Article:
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Kartik Agaram 2023-04-17 02:28:31

Befunge, but readable made the rounds of the internet yesterday, and caused me to swap in an old interest of mine that I've flailed ineffectually at in the past (e.g. a way to display a program that makes its large-scale structure really obvious (rather than obfuscating it as Befunge does).

One problem I have with Befunge (not the one you're thinking of, ha) and other fungeoids [1] is that you have a bunch of static information about a program visible in 2D on screen, but a key piece -- the stack -- is invisible. The question I keep returning to is how one might go about making the stack (or any other run-time state used by the program) visible without just bolting it on on the side. This time around, I got hooked on the following metaphor. Imagine a spaceship that contains some data, sets out on a voyage across an infinite 2D plane, and performs various operations depending on the objects it collides with.

Example 1: The space ship contains a row of boxes. Colliding with a number pushes a box on to the nose, colliding with an operator operates on the 1 or 2 front-most boxes in the front. This is a way to display a stack, but a stack in isolation doesn't seem to scale well to larger programs.

Example 2: The spaceship contains a number. Colliding with the BF-inspired primitives + and - [2] causes the number to be incremented and decremented, respectively. Now build addition out of it. Zooming into a number n shows it to be a loop of n iterations. When the spaceship collides with n it loops through n times, and the number inside it has n added to it. At a high zoom, you see the spaceship loop n times before exiting the "solar system". At a low zoom you see the spaceship exit instantaneously with n added to its value. Now you can imagine a reduce operation as a series of solar systems that the spaceship visits one by one.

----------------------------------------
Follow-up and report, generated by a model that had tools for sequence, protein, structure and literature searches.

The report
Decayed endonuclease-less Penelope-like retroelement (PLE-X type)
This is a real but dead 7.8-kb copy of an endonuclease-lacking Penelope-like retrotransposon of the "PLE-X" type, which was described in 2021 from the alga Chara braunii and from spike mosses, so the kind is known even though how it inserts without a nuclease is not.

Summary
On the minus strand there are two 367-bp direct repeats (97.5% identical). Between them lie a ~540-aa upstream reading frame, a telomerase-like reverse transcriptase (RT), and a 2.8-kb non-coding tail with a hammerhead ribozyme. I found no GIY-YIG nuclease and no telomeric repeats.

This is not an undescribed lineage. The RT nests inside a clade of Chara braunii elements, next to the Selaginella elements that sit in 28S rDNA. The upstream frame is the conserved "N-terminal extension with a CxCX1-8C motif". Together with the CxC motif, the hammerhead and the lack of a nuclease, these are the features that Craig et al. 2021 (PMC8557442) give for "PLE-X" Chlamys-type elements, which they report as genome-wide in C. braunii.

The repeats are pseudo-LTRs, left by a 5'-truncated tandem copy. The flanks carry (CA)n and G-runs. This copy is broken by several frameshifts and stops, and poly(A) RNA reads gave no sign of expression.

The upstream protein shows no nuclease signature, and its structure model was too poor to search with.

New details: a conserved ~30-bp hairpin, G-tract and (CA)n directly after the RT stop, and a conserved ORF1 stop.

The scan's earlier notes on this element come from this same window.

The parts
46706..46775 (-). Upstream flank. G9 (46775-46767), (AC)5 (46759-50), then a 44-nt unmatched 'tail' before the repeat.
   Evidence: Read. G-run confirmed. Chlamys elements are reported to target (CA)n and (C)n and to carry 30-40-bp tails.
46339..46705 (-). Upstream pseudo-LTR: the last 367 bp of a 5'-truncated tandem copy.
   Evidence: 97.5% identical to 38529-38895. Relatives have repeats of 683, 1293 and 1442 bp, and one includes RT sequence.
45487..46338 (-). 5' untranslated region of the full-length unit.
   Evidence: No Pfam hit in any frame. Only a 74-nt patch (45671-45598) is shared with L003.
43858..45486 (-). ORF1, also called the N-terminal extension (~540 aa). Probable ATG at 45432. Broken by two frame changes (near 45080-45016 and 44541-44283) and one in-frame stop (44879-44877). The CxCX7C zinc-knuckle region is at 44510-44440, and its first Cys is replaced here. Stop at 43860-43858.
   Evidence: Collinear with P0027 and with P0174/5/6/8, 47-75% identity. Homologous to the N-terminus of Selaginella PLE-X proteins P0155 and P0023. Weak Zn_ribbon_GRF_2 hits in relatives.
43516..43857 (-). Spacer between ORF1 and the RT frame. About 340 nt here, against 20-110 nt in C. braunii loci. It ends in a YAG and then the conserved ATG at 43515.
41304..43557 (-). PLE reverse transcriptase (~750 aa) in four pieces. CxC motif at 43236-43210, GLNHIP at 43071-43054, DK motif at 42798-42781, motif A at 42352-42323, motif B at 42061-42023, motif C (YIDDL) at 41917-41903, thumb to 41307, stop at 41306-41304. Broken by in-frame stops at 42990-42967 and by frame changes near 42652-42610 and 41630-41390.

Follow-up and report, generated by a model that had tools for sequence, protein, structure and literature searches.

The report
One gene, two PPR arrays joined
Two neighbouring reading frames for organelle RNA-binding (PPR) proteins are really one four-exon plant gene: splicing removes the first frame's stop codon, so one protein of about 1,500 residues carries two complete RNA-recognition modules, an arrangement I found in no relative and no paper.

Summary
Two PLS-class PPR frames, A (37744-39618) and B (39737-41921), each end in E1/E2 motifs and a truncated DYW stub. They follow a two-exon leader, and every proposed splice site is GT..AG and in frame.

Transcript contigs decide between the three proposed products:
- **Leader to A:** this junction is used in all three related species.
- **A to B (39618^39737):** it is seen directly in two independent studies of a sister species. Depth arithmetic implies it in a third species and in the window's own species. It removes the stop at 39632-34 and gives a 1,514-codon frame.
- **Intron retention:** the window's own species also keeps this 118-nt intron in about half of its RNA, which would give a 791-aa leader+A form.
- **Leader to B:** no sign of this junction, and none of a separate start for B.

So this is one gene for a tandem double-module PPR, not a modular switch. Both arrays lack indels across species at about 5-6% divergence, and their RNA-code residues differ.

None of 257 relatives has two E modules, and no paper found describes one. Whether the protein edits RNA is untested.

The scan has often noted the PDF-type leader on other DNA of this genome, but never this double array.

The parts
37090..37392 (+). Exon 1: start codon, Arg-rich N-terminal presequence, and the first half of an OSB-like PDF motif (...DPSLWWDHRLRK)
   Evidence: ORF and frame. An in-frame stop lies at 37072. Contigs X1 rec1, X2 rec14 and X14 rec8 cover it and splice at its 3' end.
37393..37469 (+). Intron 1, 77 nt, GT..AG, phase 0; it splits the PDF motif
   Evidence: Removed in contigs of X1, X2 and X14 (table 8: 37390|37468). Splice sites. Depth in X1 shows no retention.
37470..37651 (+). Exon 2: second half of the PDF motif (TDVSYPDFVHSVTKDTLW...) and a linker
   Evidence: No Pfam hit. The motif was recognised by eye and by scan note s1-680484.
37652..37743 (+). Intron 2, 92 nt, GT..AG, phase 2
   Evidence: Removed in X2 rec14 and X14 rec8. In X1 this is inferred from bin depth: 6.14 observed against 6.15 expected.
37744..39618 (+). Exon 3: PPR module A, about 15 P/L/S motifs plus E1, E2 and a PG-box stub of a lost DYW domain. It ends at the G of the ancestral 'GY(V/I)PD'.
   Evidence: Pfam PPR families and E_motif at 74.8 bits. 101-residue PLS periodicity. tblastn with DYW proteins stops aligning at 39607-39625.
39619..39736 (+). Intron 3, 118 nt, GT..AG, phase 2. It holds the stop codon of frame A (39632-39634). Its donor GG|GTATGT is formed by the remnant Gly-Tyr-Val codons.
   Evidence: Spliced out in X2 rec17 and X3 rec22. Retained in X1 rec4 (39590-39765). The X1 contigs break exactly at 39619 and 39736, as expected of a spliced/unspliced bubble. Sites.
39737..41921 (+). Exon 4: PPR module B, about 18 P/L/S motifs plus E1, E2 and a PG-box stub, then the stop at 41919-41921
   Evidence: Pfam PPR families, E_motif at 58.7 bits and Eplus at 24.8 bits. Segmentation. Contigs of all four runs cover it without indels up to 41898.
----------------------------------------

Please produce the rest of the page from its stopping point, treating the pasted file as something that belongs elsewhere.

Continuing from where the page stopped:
Example 3: The spaceship contains a binary heap to insert and delete elements from depending on objects it collides with. Zooming into any single collision reveals the tree structure to be the "space" that a smaller spaceship containing a single number bounces among.

Two properties that seem important from these examples:

  • A hierarchical nature where space and spaceship are duals, and zooming in and out causes them to turn into each other.
  • Rendering the state of a spaceship needs to be extensible[3]. We need to leave Befunge's ASCII behind.

At the largest scale, state machines feel like a really powerful way to represent the state within a spaceship. I often find them to be the outermost architecture of a large program. But to actually find the state machine I have to flail around for a long time. If we could use some visual paradigm at the largest scales but zoom into text as needed, programs might be much more comprehensible.



[3] Like in my old Pong demo:

Paul Tarvydas 2023-04-17 11:24:52

“... A hierarchical nature ...”